Against the Odds: Women Developing a Commitment to Technology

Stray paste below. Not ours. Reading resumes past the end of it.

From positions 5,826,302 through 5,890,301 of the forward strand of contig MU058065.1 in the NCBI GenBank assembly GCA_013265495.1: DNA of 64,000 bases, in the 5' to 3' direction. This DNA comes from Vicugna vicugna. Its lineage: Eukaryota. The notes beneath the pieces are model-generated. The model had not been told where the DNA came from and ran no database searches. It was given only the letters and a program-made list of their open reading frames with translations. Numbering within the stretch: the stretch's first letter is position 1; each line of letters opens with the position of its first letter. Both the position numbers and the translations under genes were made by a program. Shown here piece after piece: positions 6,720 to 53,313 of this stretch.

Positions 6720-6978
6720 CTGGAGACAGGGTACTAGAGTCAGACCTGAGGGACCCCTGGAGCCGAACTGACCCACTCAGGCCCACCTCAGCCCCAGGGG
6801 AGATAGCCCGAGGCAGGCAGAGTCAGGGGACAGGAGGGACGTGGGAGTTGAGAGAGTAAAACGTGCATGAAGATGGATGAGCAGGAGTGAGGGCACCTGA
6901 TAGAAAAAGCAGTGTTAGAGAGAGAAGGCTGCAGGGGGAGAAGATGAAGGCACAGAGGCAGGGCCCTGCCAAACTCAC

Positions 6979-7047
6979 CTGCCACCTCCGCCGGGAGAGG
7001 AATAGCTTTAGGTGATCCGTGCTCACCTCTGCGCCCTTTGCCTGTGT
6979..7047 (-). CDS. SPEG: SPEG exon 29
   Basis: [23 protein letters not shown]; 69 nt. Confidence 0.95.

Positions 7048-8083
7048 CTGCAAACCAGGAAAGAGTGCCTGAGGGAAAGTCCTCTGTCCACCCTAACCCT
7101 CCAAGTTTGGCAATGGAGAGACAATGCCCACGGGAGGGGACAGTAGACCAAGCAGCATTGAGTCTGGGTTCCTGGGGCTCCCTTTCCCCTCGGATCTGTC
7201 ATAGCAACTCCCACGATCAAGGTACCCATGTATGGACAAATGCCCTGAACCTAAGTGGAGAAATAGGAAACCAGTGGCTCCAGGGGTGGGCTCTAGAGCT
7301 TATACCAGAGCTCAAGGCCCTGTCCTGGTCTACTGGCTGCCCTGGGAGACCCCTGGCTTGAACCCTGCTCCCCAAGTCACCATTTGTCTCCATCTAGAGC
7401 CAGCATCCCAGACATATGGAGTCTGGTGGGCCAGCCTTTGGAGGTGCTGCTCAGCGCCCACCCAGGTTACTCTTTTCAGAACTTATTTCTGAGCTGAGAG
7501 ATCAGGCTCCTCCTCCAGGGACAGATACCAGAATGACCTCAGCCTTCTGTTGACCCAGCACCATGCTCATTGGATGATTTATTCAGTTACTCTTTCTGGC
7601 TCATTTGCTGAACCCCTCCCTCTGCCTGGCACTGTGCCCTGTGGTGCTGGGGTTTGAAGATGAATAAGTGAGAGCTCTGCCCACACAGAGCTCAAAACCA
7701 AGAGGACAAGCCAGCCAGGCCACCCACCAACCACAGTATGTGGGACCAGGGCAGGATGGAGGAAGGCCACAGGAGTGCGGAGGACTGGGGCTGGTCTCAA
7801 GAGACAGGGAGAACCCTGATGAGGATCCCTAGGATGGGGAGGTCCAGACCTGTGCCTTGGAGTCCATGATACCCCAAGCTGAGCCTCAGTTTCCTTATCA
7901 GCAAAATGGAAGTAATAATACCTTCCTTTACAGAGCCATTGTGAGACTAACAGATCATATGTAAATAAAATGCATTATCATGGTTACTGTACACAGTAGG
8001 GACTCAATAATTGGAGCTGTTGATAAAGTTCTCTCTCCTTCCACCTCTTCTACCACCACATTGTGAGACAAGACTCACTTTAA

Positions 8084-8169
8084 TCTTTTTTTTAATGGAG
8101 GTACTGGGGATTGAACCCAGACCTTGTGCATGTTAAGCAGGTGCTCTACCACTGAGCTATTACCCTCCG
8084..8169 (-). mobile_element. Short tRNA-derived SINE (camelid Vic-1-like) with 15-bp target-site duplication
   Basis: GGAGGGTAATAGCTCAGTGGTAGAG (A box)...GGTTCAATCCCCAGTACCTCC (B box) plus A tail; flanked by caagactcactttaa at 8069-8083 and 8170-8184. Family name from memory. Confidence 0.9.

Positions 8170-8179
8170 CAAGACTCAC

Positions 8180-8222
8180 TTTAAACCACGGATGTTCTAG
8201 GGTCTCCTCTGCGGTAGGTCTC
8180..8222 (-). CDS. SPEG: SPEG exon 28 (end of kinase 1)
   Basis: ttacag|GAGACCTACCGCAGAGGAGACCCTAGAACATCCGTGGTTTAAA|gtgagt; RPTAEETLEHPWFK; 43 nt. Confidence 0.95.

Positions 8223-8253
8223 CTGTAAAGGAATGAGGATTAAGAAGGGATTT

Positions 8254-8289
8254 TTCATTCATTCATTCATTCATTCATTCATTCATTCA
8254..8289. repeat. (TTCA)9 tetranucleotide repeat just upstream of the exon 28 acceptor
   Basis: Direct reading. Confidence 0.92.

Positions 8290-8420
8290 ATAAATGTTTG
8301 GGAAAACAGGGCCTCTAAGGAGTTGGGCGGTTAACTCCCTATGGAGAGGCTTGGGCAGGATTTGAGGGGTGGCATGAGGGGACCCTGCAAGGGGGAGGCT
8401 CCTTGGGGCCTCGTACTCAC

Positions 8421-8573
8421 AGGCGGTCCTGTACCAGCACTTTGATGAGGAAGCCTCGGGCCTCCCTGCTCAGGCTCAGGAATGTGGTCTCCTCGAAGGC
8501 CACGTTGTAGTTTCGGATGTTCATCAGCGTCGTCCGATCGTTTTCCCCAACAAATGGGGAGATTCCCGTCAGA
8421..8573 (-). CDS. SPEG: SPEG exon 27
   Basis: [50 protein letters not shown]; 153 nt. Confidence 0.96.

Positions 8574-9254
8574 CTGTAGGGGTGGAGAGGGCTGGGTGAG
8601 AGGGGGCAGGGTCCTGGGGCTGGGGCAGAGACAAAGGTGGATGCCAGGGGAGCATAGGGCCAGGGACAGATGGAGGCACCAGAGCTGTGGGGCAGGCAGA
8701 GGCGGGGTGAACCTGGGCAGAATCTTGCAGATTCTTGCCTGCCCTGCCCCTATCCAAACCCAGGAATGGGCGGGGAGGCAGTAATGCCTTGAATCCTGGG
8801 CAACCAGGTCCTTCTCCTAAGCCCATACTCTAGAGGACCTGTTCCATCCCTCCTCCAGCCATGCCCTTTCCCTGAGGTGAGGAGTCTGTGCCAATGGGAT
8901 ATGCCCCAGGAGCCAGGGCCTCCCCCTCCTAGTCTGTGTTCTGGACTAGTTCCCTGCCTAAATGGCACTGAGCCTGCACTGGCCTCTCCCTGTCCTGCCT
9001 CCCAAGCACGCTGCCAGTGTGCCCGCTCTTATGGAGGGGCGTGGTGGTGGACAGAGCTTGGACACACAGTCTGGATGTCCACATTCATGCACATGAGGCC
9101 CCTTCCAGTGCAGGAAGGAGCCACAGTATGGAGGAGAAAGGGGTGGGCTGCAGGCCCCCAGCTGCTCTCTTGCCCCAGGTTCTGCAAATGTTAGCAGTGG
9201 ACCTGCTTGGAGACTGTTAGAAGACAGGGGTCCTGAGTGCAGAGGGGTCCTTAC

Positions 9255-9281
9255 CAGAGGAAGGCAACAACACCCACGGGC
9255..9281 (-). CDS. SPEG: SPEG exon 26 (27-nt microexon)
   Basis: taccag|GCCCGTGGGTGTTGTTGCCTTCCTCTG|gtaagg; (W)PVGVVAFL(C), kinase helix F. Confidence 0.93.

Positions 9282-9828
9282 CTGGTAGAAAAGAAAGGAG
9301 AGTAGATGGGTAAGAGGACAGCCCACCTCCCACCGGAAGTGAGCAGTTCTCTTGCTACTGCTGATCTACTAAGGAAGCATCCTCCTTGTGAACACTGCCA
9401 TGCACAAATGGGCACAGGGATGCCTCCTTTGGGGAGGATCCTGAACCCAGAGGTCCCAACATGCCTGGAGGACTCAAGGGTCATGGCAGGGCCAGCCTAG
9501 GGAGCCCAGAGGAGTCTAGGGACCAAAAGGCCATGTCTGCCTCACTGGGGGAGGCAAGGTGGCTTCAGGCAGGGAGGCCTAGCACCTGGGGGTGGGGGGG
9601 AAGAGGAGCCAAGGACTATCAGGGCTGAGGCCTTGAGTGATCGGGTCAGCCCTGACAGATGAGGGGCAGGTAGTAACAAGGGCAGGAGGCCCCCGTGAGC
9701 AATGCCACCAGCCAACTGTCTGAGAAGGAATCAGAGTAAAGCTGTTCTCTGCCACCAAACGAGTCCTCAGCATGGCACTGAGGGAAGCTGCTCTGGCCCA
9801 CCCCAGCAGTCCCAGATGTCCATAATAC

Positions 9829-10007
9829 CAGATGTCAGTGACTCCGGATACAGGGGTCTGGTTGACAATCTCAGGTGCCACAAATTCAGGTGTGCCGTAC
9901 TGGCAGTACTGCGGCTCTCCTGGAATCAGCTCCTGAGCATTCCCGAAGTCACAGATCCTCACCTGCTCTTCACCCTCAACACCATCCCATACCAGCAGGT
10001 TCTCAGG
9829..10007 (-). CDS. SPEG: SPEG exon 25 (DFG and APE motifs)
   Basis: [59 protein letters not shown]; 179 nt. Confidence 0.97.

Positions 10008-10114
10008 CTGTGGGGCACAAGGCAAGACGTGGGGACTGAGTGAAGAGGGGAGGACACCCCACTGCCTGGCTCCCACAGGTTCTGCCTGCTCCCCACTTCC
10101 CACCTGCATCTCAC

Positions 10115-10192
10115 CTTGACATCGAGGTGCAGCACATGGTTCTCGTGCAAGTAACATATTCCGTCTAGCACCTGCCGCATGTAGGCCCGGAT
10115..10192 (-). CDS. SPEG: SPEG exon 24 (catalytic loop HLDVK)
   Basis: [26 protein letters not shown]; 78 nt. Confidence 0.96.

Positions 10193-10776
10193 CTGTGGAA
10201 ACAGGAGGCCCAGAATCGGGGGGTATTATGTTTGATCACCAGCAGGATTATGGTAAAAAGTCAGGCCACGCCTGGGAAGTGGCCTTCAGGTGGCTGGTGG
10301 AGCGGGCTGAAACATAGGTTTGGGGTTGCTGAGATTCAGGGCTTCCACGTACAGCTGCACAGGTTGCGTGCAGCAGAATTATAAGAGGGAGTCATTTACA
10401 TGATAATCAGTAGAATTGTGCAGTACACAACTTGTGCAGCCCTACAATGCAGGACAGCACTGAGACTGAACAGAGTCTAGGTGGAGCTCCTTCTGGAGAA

Women are still under-represented in science, engineering and technology (SET). After ten years of reports, campaigns and schemes, the proportion of women in these professions had risen by 1990 from 2 per cent to 5 per cent (Devine, 1992). This chapter is based on research data on 275 women technologist returners who studied on the Open University's Women in Technology (WIT) scheme between 1981 and 1988. In a larger project which also includes a comparative group of 90 women new to technology, I have questioned employers' and trainers' perceptions of the career-break; explored aspects of the WIT women's discontinuous work-histories and argued that their experience exposes existing concepts of career as gendered constructs (Swarbrick, 1993). An ideology based on the separation of the public and private spheres enables the breadth and variety of the unpaid half of the WIT women's experience to be devalued, and their commitment to the public sphere of technology to be dismissed.